Tis Summer and you know you love a good murder!
More Crime novels are borrowed than any other fiction genre. Why? According to bestselling author Sophie Hannah this is because Thrillers “prioritise pleasure and entertainment; guarantee a gripping plot. Evil is punished, and the good guys mostly win, after solving the puzzle. And all is right with the world. At least fictionally.”
Sussex is blessed with a bonanza of Thriller writers, and to celebrate we have a Season of Crime in Sussex Libraries – this September we are visited by Sheila Bugler, Merryn Allingham, William Shaw, Chris Curran, Elly Griffith, Michelle Frances , Dionne Lister and Lesley Thomson.
Our big summer event is our Summer Reading Challenge, where we challenge children to read six books over the holidays. We’ve got it all in our Libraries this summer! The Summer Reading Challenge may be about reading, but there are lots of events taking place too! Tri golf, archery, fencing, circus skills, dance workshops and storytellers, we’ve got it all in Libraries this summer!
Sign up to the Summer Reading Challenge and book an event on our website, or call 0345 60 80 196.
Top Fiction – ‘The Playground’ by Michelle Frances
Looking to escape her old life, Nancy and her ten-year-old daughter Lara move to Ripton. A quiet, picturesque village in the rolling Derbyshire countryside, it seems like the perfect place to settle down. But when Nancy reaches the school gates, she learns that beneath the quaint village atmosphere is a minefield.
Basically mean girls grow up, have kids and get worse! Policy, political correctness and the power of social media combine to create a very powerful read. Pacy, punchy psychological thriller.
Michelle is visiting East Sussex Libraries this September.
Top Non-Fiction – ‘The Journalist and the Murderer’ by Janet Malcolm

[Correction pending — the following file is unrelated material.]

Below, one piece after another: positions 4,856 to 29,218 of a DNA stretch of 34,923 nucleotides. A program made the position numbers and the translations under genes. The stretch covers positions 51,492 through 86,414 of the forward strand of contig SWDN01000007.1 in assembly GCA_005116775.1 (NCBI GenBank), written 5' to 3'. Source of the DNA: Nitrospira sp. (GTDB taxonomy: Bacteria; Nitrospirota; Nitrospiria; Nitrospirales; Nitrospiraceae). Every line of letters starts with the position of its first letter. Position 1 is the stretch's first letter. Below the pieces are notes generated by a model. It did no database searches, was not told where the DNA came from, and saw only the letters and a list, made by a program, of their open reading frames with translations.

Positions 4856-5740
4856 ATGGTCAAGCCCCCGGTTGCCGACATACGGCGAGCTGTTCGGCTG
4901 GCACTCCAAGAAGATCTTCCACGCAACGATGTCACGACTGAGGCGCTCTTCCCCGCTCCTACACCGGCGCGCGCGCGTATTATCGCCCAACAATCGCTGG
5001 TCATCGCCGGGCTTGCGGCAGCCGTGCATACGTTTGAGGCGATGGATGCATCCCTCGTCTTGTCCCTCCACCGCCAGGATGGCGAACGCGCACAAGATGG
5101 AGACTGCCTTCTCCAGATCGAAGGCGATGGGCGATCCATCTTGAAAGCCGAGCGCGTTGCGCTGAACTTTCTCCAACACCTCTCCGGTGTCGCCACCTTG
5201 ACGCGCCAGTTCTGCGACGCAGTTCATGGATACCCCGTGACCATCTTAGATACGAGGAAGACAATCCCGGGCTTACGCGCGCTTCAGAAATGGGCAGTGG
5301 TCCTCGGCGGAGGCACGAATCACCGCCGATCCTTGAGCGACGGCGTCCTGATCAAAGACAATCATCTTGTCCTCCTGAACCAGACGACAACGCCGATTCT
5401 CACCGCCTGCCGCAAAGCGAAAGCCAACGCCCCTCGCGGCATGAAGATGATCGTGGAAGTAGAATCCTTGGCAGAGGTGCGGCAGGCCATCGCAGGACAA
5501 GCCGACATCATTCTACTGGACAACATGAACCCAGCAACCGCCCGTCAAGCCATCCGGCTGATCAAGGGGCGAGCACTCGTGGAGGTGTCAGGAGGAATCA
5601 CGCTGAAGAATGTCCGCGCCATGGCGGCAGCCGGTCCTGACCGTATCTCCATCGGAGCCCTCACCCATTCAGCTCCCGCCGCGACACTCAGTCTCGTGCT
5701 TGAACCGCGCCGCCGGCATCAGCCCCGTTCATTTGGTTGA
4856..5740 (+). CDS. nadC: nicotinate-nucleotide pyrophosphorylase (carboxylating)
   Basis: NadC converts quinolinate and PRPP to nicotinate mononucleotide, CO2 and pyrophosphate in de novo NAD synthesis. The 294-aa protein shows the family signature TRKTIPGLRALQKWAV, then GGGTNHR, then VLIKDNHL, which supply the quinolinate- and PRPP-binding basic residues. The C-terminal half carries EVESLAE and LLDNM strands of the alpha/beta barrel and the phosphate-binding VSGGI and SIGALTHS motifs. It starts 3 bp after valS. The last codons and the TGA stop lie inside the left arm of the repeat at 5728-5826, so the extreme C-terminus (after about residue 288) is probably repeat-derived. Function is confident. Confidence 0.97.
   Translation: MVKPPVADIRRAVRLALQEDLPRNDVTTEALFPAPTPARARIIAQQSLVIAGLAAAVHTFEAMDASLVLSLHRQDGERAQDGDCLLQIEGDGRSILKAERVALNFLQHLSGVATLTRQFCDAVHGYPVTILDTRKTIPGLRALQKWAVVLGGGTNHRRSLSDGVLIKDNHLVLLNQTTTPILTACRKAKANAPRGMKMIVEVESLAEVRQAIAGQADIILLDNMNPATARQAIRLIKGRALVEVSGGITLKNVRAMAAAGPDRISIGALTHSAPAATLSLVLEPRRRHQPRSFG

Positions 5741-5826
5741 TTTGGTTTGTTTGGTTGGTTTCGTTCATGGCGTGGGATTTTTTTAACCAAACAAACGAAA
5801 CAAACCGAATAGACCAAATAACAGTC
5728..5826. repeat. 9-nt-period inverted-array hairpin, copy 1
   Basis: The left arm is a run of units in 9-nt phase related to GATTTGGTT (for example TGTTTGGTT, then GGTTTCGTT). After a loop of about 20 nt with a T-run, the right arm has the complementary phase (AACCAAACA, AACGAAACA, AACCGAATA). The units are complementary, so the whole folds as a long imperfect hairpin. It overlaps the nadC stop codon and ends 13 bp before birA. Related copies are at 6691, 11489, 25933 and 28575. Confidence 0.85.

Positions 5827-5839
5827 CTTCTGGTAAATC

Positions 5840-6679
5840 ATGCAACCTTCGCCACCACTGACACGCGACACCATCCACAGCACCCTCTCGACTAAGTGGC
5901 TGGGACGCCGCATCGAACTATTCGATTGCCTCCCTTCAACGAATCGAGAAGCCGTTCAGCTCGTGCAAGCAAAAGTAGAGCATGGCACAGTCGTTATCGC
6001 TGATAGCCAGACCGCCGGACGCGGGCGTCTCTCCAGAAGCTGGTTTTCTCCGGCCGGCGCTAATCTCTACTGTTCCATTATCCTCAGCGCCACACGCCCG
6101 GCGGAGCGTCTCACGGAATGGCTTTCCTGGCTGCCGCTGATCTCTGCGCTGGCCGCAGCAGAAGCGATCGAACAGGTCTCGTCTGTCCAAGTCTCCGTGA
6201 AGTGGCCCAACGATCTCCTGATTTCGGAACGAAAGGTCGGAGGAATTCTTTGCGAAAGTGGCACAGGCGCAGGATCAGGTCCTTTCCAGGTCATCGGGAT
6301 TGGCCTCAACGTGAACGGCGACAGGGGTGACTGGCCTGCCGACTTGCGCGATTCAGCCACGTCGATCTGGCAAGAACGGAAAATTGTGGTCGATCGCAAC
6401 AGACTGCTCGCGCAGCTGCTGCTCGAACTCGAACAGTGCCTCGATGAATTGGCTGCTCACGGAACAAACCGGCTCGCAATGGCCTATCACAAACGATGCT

This is one of the seminal works of True Crime – it exposes the whole industry and is an excellent example of the form.
Janey says “Every journalist who is not too stupid or too full of himself to notice what is going on knows that what he does is morally indefensible. He is a kind of confidence man, preying on people’s vanity, ignorance or loneliness, gaining their trust and betraying them without remorse.”
It is the true story of Joe McGinniss who wrote a book about accused murderer Jeffrey MacDonald. MacDonald had been charged with the murders of his two daughters. The journalist pretended to befriend the murderer to get the story. When the book came out the murderer was horrified at how he was presented – and tried to sue the journalist.
Janet Malcolm writes this story – and in turn she was later sued by the journalist and the murderer!
Top Audio – ‘A Book of Scars’ by William Shaw read by Cameron Stewart
This police procedural is set in the late 1960s is the third of Shaw’s Breen and Tozer mysteries – but works just as well as a stand-alone. Shaw captures the mood of London in the 1960s, using his working class detectives to convey the bewildering pace of social change. His intricate plots are full of surprises, reflecting the brutal legacy of colonialism. This is a proper conspiracy thriller, with shameful secrets hidden behind government regulation. It involves real history, real people, real crimes with real consequences.
Top comic (chosen by Elizabeth) – ‘Murder Book’ by Ed Brisson
The graphic novel anthology Murder Book collects gritty and unrelenting crime comics by Ed Brisson that chronicle the demise of the immoral and the innocent alike.
Short stories involving crime, death, murder, violence, lots of brutal and dark and twisted stories throughout and well worth it if this is a genre you enjoy. An essential for crime and noir fans.
Top children’s fiction – ‘Naomie Mensa vs. the Future’ by Priscilla Mante
Another warm and funny Dream Team story, which explores mental health and girls in STEM. High achieving Naomie ‘Mensa’
Osei has always been the smart one in Bramrock Stars FC She loves all things Maths and Science, and dreams of being an astrophysicist when she’s older. With her track record of excellence and hard work, everyone believes Naomie can do it all. But with a string of challenges in Year 6, including an entrance exam, a concert performance, she’s juggling more than ever. Naomie doesn’t want to let anyone down but her cool exterior is beginning to unravel, and it seems that the harder she tries, the more the pressure is getting to her. It’s all making her very worried about the future – what’s next for her . . . and the Dream Team? Can she really achieve all her goals before Leavers Day?
Top children’s non-fiction – ‘The Science of Surfing: A Surfside Girls Guide to the Ocean’ by Kim Dwinell
The ocean is packed with plants, animals, water… and science!
Ride the waves of knowledge with Sam and Jade as they explain all about the amazing wonders of the sea, and have a blast doing it.
Have you ever wondered why the ocean has waves? Why the tide goes in and out? And how can coral be alive when it looks like a rock?
This sporty science book is a perfect fit for our Summer Reading Challenge theme; Ready, Set, Read!